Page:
Status: this discussion paper is a preprint. It has been under review for the journal Biogeosciences (BG). The manuscript was not accepted for further review after discussion.
Reviews and syntheses: Anthropogenically breaking macro-ecospatial chains? – case review of HU Line
Yi Linand Martin Herold
Abstract. Understanding of human-nature interactions is critical for global sustainability, but one of its frontier branches, regarding intentionally-positive anthropogenic feedbacks to environment at the macroecosystem scale, has been less studied. A concrete open question is whether people can break those chain-like macro-ecospatial transition zones. Based on remote sensing data and integrative data analysis, we examined this issue in the case of China, which both owns a macro-ecospatial transition zone top-ranked in the world – HU Line and has made massive environmental restoration efforts such as the Grain for Green Program (GGP). Literature reviews of the causes of HU Line revealed its natural formation, and spatiotemporal tests of its statuses indicated its contemporary stability, both telling the inherent difficulty of shaking macro-ecospatial chains. What's worse, the limited durations of those GGP-kind endeavors led to a debate on whether human will eventually exert positive or negative eco-effect on the evolution of HU Line. To handle this gap, we proposed using biogeographic, bioclimatology, and Earth system models in a simulation way and overviewed their potentials of reflecting the complex internal, external, and integral eco-functions in human deliberately improving nature. In all, the conclusion and proposal of this work are of fundamental implications for projecting the future of macro-ecospatial chains and pre-making polices for anthropogenically coping with global changes in land, environment, biology, ecology, and sustainability.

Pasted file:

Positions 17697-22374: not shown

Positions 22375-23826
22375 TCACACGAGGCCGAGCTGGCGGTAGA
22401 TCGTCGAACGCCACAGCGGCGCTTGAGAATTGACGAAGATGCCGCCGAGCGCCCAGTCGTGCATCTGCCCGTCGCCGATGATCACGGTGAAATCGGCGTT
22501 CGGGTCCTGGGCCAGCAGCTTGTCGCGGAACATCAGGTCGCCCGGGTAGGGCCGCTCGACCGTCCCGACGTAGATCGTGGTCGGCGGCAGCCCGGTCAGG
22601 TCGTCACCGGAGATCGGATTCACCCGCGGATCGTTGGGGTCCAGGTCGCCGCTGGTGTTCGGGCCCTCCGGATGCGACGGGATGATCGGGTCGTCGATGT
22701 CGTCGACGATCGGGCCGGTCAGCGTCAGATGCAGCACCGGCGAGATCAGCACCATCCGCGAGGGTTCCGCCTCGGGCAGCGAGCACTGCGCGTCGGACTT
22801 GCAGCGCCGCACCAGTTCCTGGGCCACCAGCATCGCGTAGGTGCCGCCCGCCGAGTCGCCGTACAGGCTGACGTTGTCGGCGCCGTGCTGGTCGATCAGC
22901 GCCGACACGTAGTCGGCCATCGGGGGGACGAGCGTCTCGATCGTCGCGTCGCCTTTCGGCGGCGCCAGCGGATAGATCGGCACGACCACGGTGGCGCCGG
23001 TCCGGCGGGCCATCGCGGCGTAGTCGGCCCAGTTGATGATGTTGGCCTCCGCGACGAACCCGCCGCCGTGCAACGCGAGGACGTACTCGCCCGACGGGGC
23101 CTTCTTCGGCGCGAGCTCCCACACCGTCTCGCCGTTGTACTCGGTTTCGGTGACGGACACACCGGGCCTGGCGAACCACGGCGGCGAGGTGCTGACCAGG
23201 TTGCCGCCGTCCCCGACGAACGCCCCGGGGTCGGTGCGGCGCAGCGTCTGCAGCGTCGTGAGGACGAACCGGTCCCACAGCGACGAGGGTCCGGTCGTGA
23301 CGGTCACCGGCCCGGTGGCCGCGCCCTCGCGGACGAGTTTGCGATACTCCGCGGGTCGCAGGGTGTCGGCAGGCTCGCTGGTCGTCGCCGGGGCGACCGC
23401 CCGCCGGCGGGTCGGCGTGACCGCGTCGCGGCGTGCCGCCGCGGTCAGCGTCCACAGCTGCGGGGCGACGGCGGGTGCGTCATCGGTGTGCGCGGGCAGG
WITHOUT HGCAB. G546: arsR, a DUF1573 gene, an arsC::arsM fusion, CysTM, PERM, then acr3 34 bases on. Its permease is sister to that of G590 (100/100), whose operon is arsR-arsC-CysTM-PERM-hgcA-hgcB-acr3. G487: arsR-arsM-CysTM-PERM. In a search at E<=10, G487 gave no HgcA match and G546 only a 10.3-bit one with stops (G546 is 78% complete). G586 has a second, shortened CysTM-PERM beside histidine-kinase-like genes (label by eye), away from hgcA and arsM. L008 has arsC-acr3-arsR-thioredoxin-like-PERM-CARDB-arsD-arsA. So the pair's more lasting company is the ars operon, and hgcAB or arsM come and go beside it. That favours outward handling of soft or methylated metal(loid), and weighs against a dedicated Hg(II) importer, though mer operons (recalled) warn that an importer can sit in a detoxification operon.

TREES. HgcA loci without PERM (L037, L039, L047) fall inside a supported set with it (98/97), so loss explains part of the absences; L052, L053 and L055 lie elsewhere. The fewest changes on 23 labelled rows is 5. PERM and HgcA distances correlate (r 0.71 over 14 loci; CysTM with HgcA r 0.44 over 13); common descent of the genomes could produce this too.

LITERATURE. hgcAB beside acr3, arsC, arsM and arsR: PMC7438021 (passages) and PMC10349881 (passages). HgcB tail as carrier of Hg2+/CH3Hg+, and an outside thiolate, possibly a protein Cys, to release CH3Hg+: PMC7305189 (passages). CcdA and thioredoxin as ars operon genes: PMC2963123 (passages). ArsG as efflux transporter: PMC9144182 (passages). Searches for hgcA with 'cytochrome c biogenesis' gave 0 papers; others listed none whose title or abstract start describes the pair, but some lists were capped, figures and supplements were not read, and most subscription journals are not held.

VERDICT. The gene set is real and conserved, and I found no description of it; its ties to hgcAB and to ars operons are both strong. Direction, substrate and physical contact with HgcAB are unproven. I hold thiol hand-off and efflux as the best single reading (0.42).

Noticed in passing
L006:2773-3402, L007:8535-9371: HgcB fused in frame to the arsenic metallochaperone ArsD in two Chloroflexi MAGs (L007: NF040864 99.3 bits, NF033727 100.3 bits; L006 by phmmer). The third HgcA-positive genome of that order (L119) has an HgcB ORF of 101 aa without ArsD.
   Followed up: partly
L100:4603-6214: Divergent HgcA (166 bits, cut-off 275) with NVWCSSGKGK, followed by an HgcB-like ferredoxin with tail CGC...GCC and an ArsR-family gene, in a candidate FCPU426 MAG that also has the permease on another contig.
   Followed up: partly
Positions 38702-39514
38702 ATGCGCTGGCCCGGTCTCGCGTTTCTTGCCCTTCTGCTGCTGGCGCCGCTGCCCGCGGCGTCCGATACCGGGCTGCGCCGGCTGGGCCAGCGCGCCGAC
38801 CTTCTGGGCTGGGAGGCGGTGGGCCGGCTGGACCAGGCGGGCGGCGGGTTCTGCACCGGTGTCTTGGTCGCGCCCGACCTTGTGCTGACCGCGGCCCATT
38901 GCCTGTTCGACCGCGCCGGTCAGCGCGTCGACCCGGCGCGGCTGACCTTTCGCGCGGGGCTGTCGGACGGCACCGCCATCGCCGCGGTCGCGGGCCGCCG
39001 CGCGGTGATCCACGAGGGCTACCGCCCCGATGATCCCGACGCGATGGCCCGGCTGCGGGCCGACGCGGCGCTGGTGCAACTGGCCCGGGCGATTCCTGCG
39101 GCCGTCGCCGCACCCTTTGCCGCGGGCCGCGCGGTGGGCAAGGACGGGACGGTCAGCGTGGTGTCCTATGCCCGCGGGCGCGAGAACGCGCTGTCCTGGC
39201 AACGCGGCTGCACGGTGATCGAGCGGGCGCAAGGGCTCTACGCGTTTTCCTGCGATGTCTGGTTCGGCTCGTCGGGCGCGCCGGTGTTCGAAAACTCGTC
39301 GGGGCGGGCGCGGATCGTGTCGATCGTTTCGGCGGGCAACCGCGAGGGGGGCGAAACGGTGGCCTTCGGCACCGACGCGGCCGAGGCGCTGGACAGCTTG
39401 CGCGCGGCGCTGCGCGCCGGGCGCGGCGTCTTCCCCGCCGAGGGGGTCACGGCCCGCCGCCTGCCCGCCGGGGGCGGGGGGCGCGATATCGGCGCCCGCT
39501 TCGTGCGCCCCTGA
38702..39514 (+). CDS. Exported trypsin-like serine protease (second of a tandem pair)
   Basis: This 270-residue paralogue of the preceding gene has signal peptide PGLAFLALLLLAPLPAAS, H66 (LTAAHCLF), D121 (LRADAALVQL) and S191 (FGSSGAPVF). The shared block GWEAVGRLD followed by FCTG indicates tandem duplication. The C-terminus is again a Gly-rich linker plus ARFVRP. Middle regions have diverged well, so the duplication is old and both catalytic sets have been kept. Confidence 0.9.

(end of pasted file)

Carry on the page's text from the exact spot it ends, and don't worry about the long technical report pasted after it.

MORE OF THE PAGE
How to cite. Lin, Y. and Herold, M.: Reviews and syntheses: Anthropogenically breaking macro-ecospatial chains? – case review of HU Line, Biogeosciences Discuss. [preprint], https://doi.org/10.5194/bg-2019-418, 2019.
Received: 17 Oct 2019 – Discussion started: 09 Dec 2019
This review analyzed the possibility of anthropogenically breaking the macro-ecospatial transition zones, in the case of Hu Line in China. The contribution of this work is of fundamental implication for pointing out a scientific way of further examining the macro-ecological debates such as China's tree-planting drive could falter in a warming world (Nature, 2019).
This review analyzed the possibility of anthropogenically breaking the macro-ecospatial...